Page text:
The drooping Fair, thy healing waters seek,
Soft to thy brink they glide, as if by stealth,
And from thy virtues catch the glow of health
Feel the warm blush reanimate the face,
And o'er each feature throw it's wonted grace.

Up the rich meadow carpeted with green,
Oft have, I stray'd to view the charming scene;
Fan'd by soft zephyr, 'neath luxuriant trees,
In ruminating mood, inhal'd the breeze;
The cooling breeze, for here, on either side
Silent and slow, the placid rivers [5]  glide,
Bright and pellucid as that glassy stream
(Of Eden) where fair Eve, as from a dream,
Awoke! when fill'd with wonder she descried,
Her peerless form reflected [6]  in the tide:
So bright, so clear, do our twin rivers spread
Their glitt'ring mirrors down the verdant mead.
Embosom'd here, with nature's beauties crown'd,
The Baths refreshing, and the Springs are found.

For some with gen'rous zeal have foremost stood;
And Rooms erected for the public good:
With care advanc'd the plan in various ways,
And fairly won the meed of public praise.
Hither the great and noble have repair'd,
Their approbation cordially declar'd :
A Prince [7]  benevolent of BRUNSWICK'S line
Encourag'd and commended the design.
And this shall be our boast, as time rolls on,
Illustrious GRAFTON [8]  laid the corner-stone.

Now promenades and rural walks invite,
Where scenes abound productive of delight;
And to the mind contemplatively wise,
Sublimely grand the objects that arise;
Each ruin'd tow'r, each broken pile will shew
The end of human grandeur here below.
These nodding pillars now with ivy crown'd,
These scatter'd fragments that bestrew the ground,
Tho' silent, seem with solemn voice to cry,
Man's works, like him, must vanish all, and die.
Thus, wealthy Cities flourish and decay,
As Time, swift-footed, sweeps their domes away.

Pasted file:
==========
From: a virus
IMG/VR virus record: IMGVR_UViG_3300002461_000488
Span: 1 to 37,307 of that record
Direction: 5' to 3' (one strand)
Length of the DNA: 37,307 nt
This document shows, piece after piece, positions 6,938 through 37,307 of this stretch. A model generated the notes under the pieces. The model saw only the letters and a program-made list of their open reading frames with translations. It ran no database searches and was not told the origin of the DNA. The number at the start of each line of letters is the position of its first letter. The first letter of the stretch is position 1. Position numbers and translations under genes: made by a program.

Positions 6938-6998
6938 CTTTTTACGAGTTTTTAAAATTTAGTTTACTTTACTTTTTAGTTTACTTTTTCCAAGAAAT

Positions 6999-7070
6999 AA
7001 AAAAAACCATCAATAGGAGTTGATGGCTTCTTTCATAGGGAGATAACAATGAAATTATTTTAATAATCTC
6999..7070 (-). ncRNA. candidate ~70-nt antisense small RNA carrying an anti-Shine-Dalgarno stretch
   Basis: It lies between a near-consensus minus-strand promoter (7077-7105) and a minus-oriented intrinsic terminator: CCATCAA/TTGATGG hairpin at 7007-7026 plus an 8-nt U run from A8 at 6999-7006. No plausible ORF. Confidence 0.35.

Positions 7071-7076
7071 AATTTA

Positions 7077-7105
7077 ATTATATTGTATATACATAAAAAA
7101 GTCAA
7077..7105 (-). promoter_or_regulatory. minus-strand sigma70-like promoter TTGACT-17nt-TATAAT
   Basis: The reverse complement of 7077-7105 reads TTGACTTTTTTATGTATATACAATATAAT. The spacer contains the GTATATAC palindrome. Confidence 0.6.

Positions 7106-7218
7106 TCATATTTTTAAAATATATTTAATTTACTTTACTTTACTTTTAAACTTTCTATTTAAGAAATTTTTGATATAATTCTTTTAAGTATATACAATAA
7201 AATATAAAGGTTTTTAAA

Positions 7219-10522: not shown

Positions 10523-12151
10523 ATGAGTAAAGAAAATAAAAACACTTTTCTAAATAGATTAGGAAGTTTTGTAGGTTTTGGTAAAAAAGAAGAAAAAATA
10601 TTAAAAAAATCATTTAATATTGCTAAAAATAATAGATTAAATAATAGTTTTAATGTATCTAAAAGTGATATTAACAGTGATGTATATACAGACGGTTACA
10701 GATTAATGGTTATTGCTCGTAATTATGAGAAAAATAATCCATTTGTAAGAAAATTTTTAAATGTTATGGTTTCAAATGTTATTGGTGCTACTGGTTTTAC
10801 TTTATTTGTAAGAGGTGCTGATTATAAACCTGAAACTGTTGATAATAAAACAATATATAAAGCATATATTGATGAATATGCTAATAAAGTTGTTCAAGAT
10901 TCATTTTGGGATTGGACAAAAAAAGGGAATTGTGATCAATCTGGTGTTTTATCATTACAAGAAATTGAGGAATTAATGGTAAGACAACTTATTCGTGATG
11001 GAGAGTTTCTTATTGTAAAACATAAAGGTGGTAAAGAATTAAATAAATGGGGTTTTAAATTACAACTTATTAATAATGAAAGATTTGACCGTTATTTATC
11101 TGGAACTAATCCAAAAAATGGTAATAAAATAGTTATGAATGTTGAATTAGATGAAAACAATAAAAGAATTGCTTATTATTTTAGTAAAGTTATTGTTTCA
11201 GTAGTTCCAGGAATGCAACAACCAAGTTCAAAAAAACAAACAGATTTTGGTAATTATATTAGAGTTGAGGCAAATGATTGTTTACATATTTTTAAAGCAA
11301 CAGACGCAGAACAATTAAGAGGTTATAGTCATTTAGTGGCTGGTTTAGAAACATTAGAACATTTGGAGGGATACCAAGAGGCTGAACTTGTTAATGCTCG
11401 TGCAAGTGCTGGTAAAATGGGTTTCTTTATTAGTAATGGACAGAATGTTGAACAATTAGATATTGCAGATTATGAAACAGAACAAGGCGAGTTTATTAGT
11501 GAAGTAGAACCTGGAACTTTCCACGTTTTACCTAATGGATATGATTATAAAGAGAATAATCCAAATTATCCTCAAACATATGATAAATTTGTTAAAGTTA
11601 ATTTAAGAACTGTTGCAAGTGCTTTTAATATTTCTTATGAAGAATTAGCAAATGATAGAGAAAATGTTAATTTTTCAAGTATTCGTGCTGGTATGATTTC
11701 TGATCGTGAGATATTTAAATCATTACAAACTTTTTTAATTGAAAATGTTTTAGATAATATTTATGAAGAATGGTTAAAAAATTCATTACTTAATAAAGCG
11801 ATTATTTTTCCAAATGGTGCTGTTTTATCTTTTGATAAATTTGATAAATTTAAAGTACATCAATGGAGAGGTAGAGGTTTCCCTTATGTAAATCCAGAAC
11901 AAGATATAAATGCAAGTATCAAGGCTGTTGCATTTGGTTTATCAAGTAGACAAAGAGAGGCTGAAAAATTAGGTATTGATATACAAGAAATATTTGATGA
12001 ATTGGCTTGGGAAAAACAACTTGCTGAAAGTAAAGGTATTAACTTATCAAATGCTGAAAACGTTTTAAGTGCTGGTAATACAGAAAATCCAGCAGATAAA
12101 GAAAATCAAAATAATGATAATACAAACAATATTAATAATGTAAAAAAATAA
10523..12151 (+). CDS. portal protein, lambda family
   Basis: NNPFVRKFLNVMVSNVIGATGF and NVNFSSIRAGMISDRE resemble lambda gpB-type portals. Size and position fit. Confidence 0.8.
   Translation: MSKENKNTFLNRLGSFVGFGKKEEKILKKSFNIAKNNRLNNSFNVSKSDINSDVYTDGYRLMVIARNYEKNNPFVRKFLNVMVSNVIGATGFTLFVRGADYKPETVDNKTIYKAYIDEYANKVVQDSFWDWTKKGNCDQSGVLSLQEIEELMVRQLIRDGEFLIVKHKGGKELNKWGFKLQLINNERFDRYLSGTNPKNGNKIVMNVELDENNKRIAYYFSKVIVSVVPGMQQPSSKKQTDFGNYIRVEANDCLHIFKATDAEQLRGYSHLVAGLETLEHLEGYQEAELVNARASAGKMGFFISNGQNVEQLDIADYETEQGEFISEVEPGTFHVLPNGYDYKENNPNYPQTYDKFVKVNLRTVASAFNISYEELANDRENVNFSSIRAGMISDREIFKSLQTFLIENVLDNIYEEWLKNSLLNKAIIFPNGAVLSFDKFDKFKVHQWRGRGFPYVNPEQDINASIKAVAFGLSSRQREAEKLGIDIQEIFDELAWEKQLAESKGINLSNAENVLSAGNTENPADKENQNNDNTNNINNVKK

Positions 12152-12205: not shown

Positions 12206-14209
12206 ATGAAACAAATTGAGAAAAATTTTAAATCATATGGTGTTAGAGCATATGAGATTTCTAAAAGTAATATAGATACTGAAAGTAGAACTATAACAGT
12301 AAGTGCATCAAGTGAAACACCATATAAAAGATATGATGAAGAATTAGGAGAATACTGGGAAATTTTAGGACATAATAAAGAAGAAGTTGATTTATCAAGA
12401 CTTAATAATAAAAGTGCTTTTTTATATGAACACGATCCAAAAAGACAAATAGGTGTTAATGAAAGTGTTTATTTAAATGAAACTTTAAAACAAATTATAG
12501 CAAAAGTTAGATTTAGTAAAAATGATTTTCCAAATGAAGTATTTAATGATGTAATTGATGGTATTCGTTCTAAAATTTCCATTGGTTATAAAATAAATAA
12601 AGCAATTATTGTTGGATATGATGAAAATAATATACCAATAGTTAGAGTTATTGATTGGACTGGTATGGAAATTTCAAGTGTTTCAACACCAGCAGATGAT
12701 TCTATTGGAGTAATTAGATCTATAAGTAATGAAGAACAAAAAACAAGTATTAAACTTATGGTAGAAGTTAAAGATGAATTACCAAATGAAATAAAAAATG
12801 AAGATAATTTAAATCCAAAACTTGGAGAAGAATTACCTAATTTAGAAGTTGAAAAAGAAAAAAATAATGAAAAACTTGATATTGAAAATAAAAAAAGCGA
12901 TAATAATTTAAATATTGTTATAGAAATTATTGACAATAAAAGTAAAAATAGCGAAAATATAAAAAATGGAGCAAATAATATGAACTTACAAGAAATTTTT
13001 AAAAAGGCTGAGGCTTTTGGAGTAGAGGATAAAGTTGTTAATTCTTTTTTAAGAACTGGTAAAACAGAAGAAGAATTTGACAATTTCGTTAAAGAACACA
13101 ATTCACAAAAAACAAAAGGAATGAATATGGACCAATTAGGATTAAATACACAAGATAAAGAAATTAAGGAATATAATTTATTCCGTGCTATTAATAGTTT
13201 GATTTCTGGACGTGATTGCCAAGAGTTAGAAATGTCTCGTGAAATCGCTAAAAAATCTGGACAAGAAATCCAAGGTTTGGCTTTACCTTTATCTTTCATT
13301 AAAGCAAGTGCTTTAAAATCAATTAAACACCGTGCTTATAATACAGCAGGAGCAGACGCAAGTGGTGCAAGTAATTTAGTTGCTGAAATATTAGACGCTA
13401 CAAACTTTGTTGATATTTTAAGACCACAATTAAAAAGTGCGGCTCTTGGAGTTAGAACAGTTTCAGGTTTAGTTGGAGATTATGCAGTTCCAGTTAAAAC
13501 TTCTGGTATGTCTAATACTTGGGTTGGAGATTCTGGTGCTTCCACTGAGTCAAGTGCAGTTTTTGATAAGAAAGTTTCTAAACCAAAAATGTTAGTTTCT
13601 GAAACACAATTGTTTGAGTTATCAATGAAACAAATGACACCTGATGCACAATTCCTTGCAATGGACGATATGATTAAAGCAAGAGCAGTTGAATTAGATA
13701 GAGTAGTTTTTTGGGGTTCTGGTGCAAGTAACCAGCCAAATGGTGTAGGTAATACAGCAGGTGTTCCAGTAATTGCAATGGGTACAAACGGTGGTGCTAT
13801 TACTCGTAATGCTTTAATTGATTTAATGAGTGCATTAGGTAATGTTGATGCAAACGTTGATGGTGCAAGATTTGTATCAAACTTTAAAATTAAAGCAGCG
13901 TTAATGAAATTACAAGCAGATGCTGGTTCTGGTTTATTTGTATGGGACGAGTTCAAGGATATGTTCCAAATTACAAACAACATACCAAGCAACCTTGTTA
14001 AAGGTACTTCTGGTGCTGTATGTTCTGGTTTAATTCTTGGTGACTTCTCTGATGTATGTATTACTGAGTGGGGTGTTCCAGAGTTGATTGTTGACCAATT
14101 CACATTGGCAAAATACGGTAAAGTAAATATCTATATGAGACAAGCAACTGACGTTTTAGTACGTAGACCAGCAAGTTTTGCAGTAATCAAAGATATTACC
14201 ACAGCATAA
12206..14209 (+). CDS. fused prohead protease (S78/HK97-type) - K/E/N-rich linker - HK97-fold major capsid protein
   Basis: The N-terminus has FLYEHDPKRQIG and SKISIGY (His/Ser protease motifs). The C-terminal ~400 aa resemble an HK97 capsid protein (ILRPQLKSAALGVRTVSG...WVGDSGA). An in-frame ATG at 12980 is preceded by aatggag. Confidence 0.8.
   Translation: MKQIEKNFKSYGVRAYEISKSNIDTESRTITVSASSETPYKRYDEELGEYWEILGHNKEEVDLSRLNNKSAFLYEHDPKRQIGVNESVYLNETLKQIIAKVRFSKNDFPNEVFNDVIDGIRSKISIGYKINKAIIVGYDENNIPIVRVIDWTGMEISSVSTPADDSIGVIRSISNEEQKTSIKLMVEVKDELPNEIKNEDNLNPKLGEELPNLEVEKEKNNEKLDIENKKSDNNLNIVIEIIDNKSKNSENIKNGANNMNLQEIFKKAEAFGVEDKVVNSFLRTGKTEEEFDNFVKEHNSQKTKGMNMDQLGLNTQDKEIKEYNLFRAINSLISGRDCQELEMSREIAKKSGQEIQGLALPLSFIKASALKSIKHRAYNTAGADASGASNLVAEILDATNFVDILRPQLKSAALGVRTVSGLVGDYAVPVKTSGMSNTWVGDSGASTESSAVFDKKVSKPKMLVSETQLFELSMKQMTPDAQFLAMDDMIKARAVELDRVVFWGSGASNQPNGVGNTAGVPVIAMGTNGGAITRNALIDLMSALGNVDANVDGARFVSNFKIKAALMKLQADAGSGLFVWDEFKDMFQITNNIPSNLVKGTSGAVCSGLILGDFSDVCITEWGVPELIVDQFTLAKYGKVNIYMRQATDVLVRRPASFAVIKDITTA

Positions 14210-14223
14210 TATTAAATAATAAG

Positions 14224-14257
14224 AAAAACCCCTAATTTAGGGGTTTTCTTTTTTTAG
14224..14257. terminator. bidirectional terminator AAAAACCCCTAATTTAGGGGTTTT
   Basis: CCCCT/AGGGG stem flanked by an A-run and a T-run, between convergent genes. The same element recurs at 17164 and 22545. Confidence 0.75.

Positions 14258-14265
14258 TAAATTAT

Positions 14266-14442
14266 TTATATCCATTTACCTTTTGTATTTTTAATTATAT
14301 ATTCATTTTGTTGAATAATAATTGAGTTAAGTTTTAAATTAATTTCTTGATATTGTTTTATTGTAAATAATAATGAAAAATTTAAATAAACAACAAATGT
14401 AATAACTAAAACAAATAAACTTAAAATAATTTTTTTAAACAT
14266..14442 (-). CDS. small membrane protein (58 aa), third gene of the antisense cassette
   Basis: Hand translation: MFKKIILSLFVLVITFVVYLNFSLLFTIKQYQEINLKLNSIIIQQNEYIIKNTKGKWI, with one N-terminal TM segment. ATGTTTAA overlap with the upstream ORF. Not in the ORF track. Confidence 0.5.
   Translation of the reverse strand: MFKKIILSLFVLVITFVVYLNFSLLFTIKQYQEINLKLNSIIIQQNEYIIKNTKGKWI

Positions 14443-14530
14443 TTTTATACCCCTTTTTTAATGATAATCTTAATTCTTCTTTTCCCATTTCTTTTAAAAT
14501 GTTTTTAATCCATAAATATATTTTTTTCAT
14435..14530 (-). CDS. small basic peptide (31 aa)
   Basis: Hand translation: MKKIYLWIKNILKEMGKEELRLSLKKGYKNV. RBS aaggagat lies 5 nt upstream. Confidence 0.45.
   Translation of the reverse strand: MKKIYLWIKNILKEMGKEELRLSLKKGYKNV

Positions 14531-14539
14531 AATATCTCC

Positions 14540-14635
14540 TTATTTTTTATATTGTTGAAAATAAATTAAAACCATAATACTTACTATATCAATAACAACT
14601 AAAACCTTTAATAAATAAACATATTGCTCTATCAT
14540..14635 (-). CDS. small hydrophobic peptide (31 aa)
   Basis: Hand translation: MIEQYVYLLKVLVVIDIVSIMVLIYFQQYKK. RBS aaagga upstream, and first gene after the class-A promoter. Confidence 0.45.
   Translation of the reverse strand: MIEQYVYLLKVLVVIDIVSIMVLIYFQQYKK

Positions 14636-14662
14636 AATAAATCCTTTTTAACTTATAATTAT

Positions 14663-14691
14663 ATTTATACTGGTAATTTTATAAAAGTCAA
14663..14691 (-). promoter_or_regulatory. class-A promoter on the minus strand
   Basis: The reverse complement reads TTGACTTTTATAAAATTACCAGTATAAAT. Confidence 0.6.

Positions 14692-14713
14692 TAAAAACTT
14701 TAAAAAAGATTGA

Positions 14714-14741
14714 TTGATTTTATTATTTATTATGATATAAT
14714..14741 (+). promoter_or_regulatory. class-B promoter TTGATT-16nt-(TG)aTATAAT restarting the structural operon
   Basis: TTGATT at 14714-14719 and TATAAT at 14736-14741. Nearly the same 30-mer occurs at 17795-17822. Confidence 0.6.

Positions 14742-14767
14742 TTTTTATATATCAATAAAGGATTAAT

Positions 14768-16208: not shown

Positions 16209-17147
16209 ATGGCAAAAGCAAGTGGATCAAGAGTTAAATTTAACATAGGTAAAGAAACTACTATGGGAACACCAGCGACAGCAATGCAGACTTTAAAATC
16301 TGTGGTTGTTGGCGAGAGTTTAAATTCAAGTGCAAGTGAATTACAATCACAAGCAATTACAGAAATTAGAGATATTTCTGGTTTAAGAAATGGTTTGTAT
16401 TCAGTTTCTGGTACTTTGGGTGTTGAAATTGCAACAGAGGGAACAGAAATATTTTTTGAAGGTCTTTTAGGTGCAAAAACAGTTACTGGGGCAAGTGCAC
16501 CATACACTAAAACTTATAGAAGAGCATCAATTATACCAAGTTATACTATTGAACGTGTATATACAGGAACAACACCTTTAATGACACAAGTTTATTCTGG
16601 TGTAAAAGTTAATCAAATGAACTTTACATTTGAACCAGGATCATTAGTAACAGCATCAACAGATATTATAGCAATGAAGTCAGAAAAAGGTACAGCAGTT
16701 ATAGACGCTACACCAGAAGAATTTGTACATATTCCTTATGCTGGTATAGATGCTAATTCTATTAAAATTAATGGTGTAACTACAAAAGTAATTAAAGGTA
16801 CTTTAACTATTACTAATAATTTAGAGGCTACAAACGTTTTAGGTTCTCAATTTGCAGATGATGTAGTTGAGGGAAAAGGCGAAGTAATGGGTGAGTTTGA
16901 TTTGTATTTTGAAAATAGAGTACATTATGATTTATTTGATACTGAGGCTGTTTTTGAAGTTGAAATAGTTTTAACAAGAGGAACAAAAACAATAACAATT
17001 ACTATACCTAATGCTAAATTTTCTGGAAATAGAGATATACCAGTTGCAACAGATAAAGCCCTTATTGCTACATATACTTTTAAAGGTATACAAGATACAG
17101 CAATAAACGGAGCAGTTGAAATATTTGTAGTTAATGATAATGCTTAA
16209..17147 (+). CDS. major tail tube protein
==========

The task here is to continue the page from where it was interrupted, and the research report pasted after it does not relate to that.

E'en pow'rful empires share the common lot,
They rise, decline, expire, and are forgot:
Rich food for contemplation here we find,
A reverential fear pervades the mind.
Awful the thought, we in our progress tread
Beneath our feet, the great, the mighty [9]  dead.

The Bigods Mowbrays, Howards, high in fame,
'Left not a wreck behind'—except a name.
Here ancient Abbeys with each other vied,
In all the pomp of architect'ral pride;
Great in immunities, and rich in lands,
Their proud foundations laid by royal [10]  hands.

Here vestal Nuns, [11]  their pious vespers pour'd,
Renounc'd the tempting world, and God ador'd ;
Here the sad Maid, in secret oft has pin'd,
Tho' bless' d with all the virtues of the mind;
With all those sympathies that sweeten life,
If called to be a mother, friend, or wife,
To her could solitude a blessing prove—
Alike shut out from friendship, and from love?
Thus mental darkness drew its curtain round,
By the hard hand of Superstition bound;
Till the bright Sun of Truth, with potent ray,
Chas'd the thick mists of Ignorance away.

Here not content with moralizing rhyme,
The Muse should rise to pathos and sublime:
Inadequate her powers, what can she do?
She must desist, where glad she would pursue;
Or paint like Burns, a wise, though simple plan,
Accessible alike, to every man. [12] 

Let those with health renew'd, the Hill [13]  ascend,
Where still the Foss, and Rampires far extend,
View plains wide skirted, and from meadows fair
In gales salubrious breathe the ambient air;
See the rich valley like a garden grown,
And interspersed with trees behold the town;
Or midst the beauties which these scenes disclose,
There note the curving line of wand'ring Ouse,
And Kilverstone [14]  embowr'd in vernal green
No longer deem'd 'a bleak unwooded scene.'
Much it afflicts the tender feeling mind,
That savage War, the scourge of human kind,
Wasteful! sweeps myriads to untimely graves,
And in each age and clime his footmark leaves:
The hist'ry of the world doth but declare
Man's strong propensity to ruthless War.